Orgasm, the big O, climax… we all know what it is, but not everybody wants to talk about it. As women, we need to be able to talk about stigmatized subjects like the orgasm, because believe it or not, they’re pretty important (and pretty awesome). Whether you’re a seasoned O-pro or have yet to experience your first time, we talked to some experts to explain seven things you probably didn’t know about orgasms.
1. You don't always need genital stimulation to reach climax.
Some women have been able to reach orgasm from just a simple knee touch or massage. Spontaneous orgasms during such activities are often related to increased blood flow to the genitals and vibration that stimulates the clitoris. According to Kimberley Chestnut, M.A., M.Ed., Ph.D., Director for Student Health Services at Temple University, “The Vagas nerve is the spinal cord destination that allows for orgasm without genital stimulation," she says. "There are actually three spinal destinations that allow for the experience of orgasm: pudendal nerve, pelvic-hypogastric nerve plexus, and vagas nerve." Basically, while it may not be ideal for everyone, it's possible.
That’s right ladies. As afraid of commitment as many of us are, it has its perks. A recent survey from the Kinsey Institute noted that women are two times more likely to climax when they are in a relationship as opposed to a casual hookup. Dr. Tucker says, “Marriage, with all of its trials, leads to the most satisfying sex as couples are committed to working out emotional and sexual issues within a framework of trust and longevity.” So if you’re looking to the future, just remember that commitment is sexy. Guys, you too.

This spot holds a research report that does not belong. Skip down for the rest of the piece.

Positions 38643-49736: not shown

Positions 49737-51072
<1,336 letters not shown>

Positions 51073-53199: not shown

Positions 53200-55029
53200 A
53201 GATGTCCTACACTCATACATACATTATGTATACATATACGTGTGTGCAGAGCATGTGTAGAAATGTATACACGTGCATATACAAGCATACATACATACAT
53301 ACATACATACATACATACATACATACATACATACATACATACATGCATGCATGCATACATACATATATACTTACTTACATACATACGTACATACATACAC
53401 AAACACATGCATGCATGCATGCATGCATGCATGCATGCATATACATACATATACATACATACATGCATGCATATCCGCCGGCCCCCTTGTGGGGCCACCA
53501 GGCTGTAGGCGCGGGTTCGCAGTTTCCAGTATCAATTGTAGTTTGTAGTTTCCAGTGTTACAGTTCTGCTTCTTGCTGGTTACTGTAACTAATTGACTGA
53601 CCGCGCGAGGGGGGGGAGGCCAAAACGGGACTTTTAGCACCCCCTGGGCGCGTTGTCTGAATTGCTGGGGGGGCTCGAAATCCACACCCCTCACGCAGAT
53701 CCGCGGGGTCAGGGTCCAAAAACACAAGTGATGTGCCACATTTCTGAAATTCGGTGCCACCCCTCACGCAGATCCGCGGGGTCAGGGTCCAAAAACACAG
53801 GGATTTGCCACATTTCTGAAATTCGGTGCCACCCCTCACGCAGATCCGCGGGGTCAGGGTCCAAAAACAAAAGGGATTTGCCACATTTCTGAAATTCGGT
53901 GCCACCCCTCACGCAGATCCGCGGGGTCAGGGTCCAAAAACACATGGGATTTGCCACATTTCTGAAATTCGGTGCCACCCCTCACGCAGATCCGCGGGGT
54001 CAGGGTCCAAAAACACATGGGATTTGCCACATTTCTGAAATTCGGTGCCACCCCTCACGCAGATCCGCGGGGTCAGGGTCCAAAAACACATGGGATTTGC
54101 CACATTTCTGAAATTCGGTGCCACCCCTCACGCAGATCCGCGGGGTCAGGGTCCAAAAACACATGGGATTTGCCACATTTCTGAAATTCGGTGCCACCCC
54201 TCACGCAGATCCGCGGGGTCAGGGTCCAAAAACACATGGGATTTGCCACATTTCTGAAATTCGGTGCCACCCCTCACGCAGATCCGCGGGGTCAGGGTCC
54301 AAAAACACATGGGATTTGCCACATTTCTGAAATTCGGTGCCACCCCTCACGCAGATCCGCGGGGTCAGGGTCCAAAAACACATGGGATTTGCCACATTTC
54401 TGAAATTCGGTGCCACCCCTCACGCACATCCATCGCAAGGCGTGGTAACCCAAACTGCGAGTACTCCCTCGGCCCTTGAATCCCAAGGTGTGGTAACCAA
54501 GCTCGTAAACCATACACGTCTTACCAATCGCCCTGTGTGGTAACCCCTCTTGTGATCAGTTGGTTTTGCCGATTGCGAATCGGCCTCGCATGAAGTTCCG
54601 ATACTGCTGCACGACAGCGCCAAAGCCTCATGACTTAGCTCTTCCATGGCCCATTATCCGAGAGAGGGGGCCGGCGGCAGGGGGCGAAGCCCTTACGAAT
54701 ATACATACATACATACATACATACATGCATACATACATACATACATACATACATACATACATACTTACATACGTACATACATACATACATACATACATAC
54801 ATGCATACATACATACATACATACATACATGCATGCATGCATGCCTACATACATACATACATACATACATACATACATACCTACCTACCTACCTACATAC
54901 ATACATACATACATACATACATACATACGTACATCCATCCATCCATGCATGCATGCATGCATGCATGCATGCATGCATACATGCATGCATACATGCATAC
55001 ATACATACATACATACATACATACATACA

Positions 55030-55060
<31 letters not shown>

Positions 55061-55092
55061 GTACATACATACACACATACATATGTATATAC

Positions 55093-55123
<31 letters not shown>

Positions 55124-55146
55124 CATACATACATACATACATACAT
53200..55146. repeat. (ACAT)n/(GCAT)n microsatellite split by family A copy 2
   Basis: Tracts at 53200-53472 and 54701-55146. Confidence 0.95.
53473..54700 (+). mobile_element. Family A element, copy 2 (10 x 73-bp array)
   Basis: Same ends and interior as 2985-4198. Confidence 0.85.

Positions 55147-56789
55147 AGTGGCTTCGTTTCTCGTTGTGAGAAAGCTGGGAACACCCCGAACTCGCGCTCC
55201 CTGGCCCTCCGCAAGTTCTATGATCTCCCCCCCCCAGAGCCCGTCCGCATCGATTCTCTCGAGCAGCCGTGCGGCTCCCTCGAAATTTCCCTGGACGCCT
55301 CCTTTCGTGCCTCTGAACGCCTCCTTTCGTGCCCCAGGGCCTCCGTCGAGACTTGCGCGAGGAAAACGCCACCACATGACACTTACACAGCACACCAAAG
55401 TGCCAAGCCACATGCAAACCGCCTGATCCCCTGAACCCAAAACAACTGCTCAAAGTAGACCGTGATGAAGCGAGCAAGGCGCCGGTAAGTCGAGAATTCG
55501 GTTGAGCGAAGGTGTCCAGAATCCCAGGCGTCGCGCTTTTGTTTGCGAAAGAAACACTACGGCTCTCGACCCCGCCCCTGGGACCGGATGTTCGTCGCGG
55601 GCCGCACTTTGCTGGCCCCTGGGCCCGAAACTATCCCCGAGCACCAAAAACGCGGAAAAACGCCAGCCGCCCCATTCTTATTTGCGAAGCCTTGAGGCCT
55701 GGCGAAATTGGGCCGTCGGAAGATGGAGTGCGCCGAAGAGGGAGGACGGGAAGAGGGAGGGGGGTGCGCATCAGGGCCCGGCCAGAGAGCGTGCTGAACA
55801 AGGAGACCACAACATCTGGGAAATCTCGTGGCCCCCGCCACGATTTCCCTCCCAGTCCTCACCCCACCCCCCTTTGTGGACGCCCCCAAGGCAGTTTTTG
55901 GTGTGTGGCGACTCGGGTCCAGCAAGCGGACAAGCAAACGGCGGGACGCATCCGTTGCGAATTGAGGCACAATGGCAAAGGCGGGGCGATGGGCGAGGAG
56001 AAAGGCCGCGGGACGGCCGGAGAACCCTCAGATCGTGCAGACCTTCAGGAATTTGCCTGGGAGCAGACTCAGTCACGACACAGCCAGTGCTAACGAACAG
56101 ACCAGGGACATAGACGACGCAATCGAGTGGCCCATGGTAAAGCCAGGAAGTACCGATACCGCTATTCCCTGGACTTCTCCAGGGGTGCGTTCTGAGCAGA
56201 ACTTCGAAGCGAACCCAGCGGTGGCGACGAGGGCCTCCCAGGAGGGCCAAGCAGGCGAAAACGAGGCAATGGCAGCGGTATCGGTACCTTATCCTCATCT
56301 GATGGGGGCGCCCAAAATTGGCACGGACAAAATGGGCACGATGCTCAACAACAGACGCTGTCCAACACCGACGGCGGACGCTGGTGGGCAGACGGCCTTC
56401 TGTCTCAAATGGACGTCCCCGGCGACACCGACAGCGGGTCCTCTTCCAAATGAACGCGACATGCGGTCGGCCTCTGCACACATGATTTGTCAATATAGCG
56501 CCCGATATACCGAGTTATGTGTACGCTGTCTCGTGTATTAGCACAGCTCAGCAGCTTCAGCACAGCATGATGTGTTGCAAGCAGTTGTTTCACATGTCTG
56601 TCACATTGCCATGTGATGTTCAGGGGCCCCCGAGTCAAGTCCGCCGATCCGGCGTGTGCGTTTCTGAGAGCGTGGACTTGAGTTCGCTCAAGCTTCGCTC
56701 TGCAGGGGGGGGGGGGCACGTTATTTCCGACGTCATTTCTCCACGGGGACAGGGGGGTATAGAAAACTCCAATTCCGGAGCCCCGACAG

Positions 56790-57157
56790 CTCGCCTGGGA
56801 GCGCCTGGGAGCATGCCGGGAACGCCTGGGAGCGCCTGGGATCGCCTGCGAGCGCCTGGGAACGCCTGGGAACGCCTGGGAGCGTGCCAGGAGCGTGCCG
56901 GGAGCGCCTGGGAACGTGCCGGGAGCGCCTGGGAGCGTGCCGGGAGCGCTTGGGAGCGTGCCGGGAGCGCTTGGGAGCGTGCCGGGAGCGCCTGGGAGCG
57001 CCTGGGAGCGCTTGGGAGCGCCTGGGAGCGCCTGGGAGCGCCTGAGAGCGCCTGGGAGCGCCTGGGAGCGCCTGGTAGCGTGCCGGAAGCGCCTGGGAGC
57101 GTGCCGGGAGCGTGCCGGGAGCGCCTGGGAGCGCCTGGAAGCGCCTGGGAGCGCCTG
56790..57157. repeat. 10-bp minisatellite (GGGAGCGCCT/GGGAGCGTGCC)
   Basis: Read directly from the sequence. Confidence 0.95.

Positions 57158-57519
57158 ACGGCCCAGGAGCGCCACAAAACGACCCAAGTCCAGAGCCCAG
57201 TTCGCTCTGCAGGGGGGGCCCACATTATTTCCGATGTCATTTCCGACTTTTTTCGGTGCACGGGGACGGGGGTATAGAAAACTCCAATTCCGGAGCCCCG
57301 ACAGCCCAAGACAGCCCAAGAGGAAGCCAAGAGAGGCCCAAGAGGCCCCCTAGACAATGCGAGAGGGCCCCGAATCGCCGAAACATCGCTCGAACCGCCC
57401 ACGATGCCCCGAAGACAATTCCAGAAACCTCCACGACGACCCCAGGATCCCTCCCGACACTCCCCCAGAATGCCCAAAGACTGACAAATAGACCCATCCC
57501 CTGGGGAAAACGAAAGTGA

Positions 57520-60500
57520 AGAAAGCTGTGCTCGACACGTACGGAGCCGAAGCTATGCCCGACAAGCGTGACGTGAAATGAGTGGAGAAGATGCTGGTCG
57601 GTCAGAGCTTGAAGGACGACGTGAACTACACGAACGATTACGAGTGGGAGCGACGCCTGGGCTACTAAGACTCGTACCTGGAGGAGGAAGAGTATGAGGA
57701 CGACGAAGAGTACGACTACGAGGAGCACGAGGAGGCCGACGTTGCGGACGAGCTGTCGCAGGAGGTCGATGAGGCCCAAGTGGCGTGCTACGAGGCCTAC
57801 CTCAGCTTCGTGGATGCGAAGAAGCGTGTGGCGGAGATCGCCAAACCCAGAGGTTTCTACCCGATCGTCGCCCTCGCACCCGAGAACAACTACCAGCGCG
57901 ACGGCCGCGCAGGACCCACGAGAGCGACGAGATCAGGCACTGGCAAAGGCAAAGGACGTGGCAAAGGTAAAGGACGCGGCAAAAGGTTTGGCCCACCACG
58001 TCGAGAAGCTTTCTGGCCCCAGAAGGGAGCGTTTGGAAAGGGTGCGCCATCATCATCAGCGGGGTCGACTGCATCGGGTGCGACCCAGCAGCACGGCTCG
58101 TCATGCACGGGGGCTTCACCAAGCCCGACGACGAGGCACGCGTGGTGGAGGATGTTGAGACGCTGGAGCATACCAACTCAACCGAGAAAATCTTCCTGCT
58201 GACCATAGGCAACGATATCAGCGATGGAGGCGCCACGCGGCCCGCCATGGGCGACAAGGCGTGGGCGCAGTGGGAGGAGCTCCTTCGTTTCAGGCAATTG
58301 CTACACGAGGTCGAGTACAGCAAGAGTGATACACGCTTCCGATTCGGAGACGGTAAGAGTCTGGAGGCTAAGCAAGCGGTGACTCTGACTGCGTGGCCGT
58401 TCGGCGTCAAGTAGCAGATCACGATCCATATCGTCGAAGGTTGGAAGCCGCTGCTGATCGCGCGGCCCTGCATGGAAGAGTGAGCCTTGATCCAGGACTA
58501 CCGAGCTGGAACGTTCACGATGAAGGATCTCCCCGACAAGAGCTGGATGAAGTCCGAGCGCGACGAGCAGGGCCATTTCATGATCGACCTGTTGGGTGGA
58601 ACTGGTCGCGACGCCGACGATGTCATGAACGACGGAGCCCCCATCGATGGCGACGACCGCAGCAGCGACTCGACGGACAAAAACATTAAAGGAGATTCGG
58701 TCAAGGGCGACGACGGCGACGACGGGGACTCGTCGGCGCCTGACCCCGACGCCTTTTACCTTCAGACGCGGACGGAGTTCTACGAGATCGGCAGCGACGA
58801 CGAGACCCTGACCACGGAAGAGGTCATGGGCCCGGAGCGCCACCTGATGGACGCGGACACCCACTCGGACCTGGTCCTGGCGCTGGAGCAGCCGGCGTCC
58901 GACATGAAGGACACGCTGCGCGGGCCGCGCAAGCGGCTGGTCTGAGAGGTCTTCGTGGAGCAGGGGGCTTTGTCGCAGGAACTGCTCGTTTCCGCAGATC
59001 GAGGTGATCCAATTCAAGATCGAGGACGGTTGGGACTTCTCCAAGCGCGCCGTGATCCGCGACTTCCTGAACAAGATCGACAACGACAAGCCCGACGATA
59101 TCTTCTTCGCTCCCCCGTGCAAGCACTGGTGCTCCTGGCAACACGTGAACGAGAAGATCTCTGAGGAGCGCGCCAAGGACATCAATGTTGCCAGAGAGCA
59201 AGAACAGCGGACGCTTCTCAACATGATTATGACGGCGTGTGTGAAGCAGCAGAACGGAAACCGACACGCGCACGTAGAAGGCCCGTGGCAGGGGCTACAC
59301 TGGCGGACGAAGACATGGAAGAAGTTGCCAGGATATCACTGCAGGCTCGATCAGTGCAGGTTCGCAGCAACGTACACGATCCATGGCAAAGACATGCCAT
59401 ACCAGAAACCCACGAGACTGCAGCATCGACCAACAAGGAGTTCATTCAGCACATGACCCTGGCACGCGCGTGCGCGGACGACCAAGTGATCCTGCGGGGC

4. An orgasm a day keeps the doctor away...?
Safe sex, as well as masturbation, are good for you! Studies show that reaching climax can help relieve cramps, alleviate stress, boost the immune system, relieve pain and so much more. See ya, Advil! In addition, the New York Times showed that a study released by the British Medical Journal says there's a strong correlation between orgasms and mortality rates, and those who orgasm two times a week or more can add up to eight years on to their life.
5. Half as many women have orgasms when they have sex compared to men.
And up to 10 percent of women are actually anorgasmic, meaning that they can’t reach climax. Some people do it on purpose; they resort to faking an orgasm, whether they’re trying to please their S.O. or just get back to doing their homework. Dr. Tucker says, “There are many spiritual, physical, emotional and mental reasons a woman can be anorgasmic. Most women don't consistently have orgasms with vaginal penetration alone." She also says that orgasm habits can change with age, medical issues or based on medications you're taking. "If you're happy with the climax of your sexual activities, there's no need for concern. However, if one is concerned by lack of orgasm or the intensity of your orgasms, consult your doctor about anorgasmia," Dr. Tucker says.